Church Hill enclosure, Gower


Close-up of standing stone

Read all about the students' experiences on the project here, on the dig diary, co-ordinated by postgraduate Jo Edwards

Download a pdf version of the Church Hill Enclosure final report here

What does it mean?

We can now say that there was at least one Roman building at Church Hill, with stone walls and a tiled roof. A tiny scrap of wallplaster picked up by Mrs Grove, and a couple of small cubes of stone that are probably tesserae from a mosaic, show that it had sophisticated decoration. There was also a central heating system, as some of the tiles were hollow box-tiles that were mortared onto the walls to carry hot air from a hypocaust, where air that had been heated by a furnace could be circulated under the floor. Far too much money was spent on it for it to be just and an ordinary peasant farmstead. However, this building was probably not a villa, because the pottery is rather plain and does not include much in the way of the sort of tablewares you would expect in a villa, and we also do not have very much in the way of metal objects — for instance we did not find any coins. There is no evidence that it was a military site either — there are no finds typical of the Roman army, and it´s not placed a useful tactical or strategic position.

One possible interpretation is that we may be dealing with some sort of temple or sanctuary. If you go straight down the slope from the site into Green Cwm, you find yourself at the Neolithic chambered tomb. On the opposite side of the valley, about 200m from our site is Cat Hole, a cave where there are Bronze Age burials, and 1km further up the cwm is Tooth Cave which was also used for burial in the Bronze Age. Perhaps what we have here is an area of religious significance that kept its importance for thousands of years. However we have gaps. There is a gap between the Bronze Age burials and the Roman site, and then what looks like another gap at the end of the Roman period.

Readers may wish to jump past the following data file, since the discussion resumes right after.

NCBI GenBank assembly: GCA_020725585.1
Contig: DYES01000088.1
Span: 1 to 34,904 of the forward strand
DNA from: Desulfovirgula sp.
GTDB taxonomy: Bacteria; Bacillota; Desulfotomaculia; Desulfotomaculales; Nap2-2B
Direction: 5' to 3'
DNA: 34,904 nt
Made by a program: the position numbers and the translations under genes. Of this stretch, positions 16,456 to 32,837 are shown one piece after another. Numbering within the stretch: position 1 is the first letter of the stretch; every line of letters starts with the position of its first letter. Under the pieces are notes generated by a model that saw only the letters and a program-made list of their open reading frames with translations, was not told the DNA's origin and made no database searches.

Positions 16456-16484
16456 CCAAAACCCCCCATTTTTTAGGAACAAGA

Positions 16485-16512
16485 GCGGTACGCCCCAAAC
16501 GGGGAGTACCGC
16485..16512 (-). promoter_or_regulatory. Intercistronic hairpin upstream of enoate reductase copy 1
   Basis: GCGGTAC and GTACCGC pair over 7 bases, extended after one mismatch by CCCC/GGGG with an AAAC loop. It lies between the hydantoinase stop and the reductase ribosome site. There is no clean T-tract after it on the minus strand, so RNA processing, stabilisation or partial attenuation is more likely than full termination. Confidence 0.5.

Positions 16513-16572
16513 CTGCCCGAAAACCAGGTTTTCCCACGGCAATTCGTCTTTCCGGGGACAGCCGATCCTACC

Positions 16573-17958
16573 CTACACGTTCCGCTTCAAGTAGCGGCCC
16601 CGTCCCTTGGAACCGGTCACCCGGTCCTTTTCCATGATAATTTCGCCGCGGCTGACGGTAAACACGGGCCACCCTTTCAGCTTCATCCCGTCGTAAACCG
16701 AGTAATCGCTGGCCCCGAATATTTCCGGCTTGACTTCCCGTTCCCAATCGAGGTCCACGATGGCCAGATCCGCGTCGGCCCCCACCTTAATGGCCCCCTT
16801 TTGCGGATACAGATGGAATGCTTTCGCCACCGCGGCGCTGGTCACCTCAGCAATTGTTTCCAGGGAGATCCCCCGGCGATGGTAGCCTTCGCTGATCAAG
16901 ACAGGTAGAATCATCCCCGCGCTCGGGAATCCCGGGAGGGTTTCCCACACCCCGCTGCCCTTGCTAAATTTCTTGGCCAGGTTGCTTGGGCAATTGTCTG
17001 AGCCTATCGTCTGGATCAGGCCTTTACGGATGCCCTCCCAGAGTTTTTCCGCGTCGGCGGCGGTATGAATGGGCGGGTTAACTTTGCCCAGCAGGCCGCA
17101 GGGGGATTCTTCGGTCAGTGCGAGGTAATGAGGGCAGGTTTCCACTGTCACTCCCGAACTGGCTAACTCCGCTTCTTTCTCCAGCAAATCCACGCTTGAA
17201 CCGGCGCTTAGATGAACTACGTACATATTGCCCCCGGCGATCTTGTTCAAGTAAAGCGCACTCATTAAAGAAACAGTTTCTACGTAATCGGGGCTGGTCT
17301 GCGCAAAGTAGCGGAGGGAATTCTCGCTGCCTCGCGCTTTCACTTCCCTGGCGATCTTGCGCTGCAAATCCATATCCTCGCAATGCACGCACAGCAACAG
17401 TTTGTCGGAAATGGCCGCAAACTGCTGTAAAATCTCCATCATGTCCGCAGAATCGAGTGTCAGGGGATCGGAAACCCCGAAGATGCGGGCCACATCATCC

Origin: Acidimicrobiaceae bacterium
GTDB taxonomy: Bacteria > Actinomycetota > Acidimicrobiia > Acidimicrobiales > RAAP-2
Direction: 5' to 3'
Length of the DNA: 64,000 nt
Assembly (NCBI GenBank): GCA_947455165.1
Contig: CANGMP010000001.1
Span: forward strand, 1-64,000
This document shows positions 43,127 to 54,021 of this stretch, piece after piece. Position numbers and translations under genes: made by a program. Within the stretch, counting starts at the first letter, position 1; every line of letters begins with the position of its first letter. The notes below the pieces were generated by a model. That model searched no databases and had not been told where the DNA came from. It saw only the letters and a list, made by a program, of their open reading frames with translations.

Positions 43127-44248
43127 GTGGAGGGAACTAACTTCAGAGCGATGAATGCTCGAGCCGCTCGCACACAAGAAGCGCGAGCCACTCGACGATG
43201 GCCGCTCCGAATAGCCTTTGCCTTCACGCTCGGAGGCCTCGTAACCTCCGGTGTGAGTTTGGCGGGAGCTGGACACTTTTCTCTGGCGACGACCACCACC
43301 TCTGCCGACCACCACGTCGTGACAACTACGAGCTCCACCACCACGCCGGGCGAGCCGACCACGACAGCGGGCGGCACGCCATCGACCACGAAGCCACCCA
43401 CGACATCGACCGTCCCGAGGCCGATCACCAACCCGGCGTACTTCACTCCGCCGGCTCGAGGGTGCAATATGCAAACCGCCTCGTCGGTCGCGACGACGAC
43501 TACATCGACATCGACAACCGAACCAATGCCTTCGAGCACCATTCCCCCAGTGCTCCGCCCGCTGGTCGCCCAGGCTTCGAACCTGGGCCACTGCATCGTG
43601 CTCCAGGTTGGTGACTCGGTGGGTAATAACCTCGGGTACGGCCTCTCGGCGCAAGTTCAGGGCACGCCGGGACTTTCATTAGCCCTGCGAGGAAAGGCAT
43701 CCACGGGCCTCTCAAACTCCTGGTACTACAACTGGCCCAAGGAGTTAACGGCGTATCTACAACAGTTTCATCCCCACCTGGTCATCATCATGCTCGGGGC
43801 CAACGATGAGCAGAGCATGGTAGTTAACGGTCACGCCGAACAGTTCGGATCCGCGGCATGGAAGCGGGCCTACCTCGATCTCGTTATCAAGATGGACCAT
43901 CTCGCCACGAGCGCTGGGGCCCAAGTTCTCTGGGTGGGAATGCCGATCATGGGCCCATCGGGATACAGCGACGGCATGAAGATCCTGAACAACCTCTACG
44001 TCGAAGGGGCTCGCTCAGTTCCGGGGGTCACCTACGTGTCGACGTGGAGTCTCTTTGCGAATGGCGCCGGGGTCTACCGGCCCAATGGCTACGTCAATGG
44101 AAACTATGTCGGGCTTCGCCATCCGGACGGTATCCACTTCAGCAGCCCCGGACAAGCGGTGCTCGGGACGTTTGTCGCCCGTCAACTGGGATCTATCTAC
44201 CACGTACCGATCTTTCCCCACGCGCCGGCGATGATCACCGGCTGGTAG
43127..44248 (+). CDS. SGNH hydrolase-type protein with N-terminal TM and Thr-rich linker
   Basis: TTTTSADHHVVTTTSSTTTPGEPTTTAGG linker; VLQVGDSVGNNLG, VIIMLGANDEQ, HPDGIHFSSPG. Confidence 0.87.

The fact that the enclosure was created over the ruins of a Roman site groups Church Hill with other Roman sites that seem to have continued in use after the Roman period. For instance, at Loughor there is an Early Medieval inscription on a Roman altar that uses the ogam alphabet, which was introduced from Ireland and was in use in the 5th and 6th centuries AD. St Michael´s church, Loughor, is directly on top of the Roman fort, and it looks as though the fort was adopted as a centre of early Christianity. Other Roman sites where this happened were Llandough near Penarth, where an important monastery grew up over a Roman villa, and Caerleon, where St Cadoc´s church was built over the headquarters of the Roman fortress. Some pre-Norman churches were founded in circular or near-circular enclosures with banks around them, very much like the one at Church Hill. The name itself may indicate that there was church here. Certainly there is nothing in the surviving documents that would show that the site had any connection with any known church — perhaps only the name remains to show that this was once an Early Christian site. But was it converted from a pagan sanctuary that went back to Roman times? And did it go further back still to the earliest times when people started to build monuments in Gower? We are beginning to see a few sites in Wales where there seems to have been activity, and often activity associated with ritual, concentrated into a very small area over a long period, although it may move a little way from one period to another. The best studied is the one at Parc Bryn Cegin, Llandegai near Bangor, where the Gwynedd Archaeological Trust has excavated an area of 23 hectares ahead of development. Is Green Cwm the centre of another?